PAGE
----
When it comes to MacOS X, which is apparently included in this category, I am indifferent. It feels like MacOS has been stagnating for years. Nothing overly-exciting or truly fresh and new has been released in what feels like forever. To me, MacOS X Catalina was actually a step backwards. My MacBook Pro comes with a fingerprint sensor for TouchID. You would think that this means you are done with entering your passwords. You would be wrong. I am constantly entering my fucking Apple ID password. CONSTANTLY! It is fucking embarrassing just how bad Apple is at security. They put on this huge show of how they are encouraging people to use stronger passwords, then completely sabotage it by making people have to enter these longer, more difficult passwords over and over and over and over and over and over and over and over and over and over and over and over and over and over and over and over and over and over and over and over. Who the fuck is going to use a complex, hard-to-crack password when you have to keep entering it over and over again? Nobody. Apple's claim to be making strong passwords more common is 100% bullshit. If anything, Apple's piss-poor handling of passwords encourages easier-to-remember, easier-to-crack passwords.
I love, love, love the latest iPhone. The phone part is all the same... just a bit faster is all... but the camera is sublime. The camera is everything. I wrote extensively about the iPhone 11 Pro and its miracle-camera here. If anything, my opinion has only gone up since I wrote it. Between Night Mode, Deep Fusion, three lenses, and the amazing quality of it all, I almost never use my DSLR any more. Why would I drag it around everywhere when I can take shots like these with my frickin' phone?
Amazing. If this keeps up, in another couple years most people won't even think about buying an actual camera.
iPad is an amazing, amazing tool. Drawing and painting on it is a sublime joy that still amazes me. And, as they release newer models of iPads and Pencils, it just keeps getting better and better. Where the problem lays is with iOS for iPad. It's just so darn bad. I have been trying and trying to figure out how the gesture-based multi-tasking works, and just when I think I understand it something happens which makes me realize that I absolutely don't. In all honesty, this aspect of iOS for iPad needs to be completely gutted so they can start over from scratch. Just burn it to the ground and start over. The user interface is a place where Apple usually excels. But this? THIS?!? Complete shit. It doesn't matter how good the hardware is when the OS driving it is this cumbersome. And so I averaged them together to get my grade.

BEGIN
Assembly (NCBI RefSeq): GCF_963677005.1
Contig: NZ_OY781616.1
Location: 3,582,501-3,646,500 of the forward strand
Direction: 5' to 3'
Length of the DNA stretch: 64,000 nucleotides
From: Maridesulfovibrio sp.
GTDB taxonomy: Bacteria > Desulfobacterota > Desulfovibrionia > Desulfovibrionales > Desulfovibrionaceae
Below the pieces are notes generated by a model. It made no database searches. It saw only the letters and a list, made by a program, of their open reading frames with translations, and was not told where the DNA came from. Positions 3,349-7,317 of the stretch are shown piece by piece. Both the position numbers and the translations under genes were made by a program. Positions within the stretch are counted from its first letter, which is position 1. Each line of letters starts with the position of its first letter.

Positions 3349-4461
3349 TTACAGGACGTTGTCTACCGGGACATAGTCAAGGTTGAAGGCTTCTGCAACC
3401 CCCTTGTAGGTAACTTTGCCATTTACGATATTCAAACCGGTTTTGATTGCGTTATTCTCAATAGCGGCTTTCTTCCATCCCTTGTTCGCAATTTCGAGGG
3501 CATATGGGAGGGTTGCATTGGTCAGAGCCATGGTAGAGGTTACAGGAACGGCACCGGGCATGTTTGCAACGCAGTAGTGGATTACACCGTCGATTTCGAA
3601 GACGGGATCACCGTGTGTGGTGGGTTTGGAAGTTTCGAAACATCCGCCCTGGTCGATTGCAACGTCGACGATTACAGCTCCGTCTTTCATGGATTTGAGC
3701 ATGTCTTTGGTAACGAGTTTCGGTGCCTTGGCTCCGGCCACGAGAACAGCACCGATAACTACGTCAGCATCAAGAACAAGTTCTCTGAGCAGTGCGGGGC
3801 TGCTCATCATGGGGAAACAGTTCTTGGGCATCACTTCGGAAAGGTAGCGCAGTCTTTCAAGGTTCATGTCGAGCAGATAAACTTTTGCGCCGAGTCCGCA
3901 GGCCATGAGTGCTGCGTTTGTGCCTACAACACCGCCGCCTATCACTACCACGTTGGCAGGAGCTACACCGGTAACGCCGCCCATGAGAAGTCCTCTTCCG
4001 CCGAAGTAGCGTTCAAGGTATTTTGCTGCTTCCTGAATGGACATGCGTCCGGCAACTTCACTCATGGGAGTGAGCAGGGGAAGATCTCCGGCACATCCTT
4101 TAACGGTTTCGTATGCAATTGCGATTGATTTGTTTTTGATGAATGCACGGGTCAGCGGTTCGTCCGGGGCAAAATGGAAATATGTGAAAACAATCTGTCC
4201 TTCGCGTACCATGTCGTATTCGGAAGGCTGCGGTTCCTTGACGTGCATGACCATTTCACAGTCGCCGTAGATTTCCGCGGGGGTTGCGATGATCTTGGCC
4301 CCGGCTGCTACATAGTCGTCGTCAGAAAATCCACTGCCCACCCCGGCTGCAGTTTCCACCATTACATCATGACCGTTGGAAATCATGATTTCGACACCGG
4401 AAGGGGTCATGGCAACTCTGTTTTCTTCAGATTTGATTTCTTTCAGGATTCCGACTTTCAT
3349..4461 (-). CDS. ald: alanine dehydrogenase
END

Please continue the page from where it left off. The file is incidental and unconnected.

I'm probably not qualified to comment here because I don't own an Apple Watch and have no plans to buy one. They are just so darn thick that I find them uncomfortable. Why they aren't investigating putting the battery in the band somehow or doing something to make them thinner is a mystery. Because if you've got a thin wrist like I do, it's just not a very good option. It's a real shame too, because I really like the health features. That being said... if a chunk of money lands in my lap, I might bite the bullet anyway because there's just so much good stuff to be had so conveniently.
Apple seems content to let AppleTV languish, and it's really too bad. The interface is abhorrent. So horribly difficult to use. Have a ton of movies? I hope not. Because you'll spend a lot of time scrolling and scrolling. But what's worse is that Apple content is just plain shitty to stream. Constant buffering errors, drop-outs, and pauses. And before you blame my fiber internet (which is what Apple does)... I don't have this problem with ANY OTHER SERVICE when streamed on my AppleTV. Not even with Disney+ or Amazon Prime streaming on Ultra HD!
Then there's Apple's idiotic attempt at doing away with logins by tying services you purchase through them to your Apple ID. I say "attempt" because the shit DOES NOT WORK. I can't tell you how many times I've subscribed to a streaming service through the AppleTV in my living room then can't use it on the AppleTV in my bedroom. And since you don't get a login, there's absolutely nothing you can do... EXCEPT NEVER, EVER, EVER SUBSCRIBE TO ANY STREAMING SERVICE THROUGH APPLETV! As if that weren't enough, if you subscribe to a service through AppleTV that doesn't have a desktop app, you can't watch it on your computer. You could probably watch it online through the provider's website if you got a login from AppleTV, but you don't so you can't. It makes no sense... NONE... as to why you'd ever go through Apple.
And don't even get me started on the shitty, SHITTY fucking remote they bundle with the thing. It is the single worst remote control I have used on any product ever. Constantly grabbing it by the wrong end. Constantly having trouble navigating content. Constantly losing the little fucker in my couch. I HATE it. And I mostly hate AppleTV, even though most third-party apps are pretty decent... and those gorgeous screen savers are sublime.
I don't subscribe to Apple News+ or Apple Arcade, and only have Apple TV+ because I get it free for a year. I subscribe to iCloud, but it's so horribly priced that I only buy the bare minimum for iPhone backup. The only plus is that iCloud Drive is content to just be a cloud drive, which is more than you can say for DropBox, who keeps adding the most ridiculously shitty and bloated services to their cloud drive that I just don't want. About the only thing I can truly comment on here is paying for Apple services. For weeks I've been getting a pop-up on my Apple Wallet asking me if I want to link my Apple Cash as a payment method at Apple. I absolutely do. Except it fails when I make the attempt. EVERY FUCKING TIME!